Overall, commercial real estate ventures are thriving in Las Vegas because of the comparative ease of developers to obtain project funding, despite the current trend of Federal Banking Agencies toward closer scrutiny of commercial real estate lending activities relating to the growth of commercial loans from smaller banks, who appear to be selling off their residential and car loans and focusing primarily on commercial real estate.
Fortunately for Las Vegas, Federal Regulators do not consider the city high risk because much of the lending for casino and high-rise condo development originates from financial institutions outside of community banks.
Although construction loans are not difficult to negotiate, one of the difficulties affecting commercial real estate development in Las Vegas at present is the high cost of construction for tenant improvements which currently average $75 a square foot.
In regard to the overall real estate picture in Las Vegas as of January 2006, a buyers market continues to dominate the scene with available inventories of single family homes at record levels and new home builders offering such incentives as 5% of purchase price towards buyer's closing costs, and free upgrades such as granite counter tops, window treatments and appliances. The condominium market is experiencing similar conditions.
Despite current conditions, rapid improvement in the Las Vegas real estate market is expected to occur in 2007. Consider these facts: In a recently completed comprehensive analysis of the Las Vegas real estate market, HUD has concluded that continued population growth in the Las Vegas Valley propelled by increased employment opportunities, continues to make Las Vegas the fastest growing large metropolitan area in the United States. As a result, the demand for housing is expected to increase accordingly, and new single family housing and condominium development continue in this expectation.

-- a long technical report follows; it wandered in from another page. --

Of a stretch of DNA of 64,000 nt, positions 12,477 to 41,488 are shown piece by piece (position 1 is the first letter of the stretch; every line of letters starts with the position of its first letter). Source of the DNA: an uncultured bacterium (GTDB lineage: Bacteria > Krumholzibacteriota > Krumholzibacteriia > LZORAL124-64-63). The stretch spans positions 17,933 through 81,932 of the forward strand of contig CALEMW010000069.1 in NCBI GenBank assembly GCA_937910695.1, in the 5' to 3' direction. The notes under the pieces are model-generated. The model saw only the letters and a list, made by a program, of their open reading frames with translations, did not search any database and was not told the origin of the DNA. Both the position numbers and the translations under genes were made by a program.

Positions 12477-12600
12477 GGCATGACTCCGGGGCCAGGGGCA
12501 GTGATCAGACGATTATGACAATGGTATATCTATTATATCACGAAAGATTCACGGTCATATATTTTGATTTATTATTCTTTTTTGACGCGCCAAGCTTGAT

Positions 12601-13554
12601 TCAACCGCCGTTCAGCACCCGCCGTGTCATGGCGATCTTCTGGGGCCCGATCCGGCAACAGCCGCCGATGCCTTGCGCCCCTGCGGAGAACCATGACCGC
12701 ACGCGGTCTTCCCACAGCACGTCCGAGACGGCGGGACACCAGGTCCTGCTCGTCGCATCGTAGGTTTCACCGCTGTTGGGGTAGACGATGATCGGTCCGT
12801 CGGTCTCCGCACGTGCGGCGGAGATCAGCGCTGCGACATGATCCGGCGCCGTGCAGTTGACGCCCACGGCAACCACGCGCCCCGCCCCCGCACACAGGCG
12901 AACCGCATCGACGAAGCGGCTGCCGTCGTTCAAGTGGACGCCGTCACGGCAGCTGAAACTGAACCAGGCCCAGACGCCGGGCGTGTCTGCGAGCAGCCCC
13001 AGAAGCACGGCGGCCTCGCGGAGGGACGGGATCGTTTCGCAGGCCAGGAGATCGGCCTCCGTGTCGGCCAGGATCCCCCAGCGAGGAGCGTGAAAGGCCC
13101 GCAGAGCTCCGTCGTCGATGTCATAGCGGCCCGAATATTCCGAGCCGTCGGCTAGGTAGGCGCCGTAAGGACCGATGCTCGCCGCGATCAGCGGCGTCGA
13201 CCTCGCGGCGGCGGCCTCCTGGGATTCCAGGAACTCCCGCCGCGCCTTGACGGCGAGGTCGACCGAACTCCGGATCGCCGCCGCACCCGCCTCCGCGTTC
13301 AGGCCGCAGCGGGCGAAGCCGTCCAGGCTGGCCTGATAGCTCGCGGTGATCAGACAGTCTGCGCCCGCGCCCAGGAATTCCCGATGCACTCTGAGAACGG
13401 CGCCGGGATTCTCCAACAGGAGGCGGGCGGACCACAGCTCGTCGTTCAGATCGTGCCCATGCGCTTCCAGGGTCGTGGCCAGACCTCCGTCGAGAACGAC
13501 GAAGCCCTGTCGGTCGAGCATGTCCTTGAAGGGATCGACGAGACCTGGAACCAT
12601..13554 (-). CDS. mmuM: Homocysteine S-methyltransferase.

Currently, a $13 billion downtown redevelopment project is on the drawing board, underscoring the confidence investors and builders have in the continuing growth and strength of the Las Vegas economy. In fact, the nationwide slowdown in real estate closings this past year did not impact Las Vegas quite as hard. A real estate bust never occurred in the Valley, and is extremely unlikely to occur in this city of 1.8 million, currently experiencing 7,000 new arrivals each month with some 60,000 new jobs expected to be created this year.
As mentioned previously in this article, median prices of single family homes are not just holding steady, but have shown an increase. Still another boost for the Las Vegas real estate market is the adjustment to local building codes in certain areas to allow local builders to create so-called high-density neighborhoods. These are developments on which more houses can be constructed per acre, allowing builders to offer homes at lower costs, thus affording the opportunity for many lower wage blue-collar workers to own a home.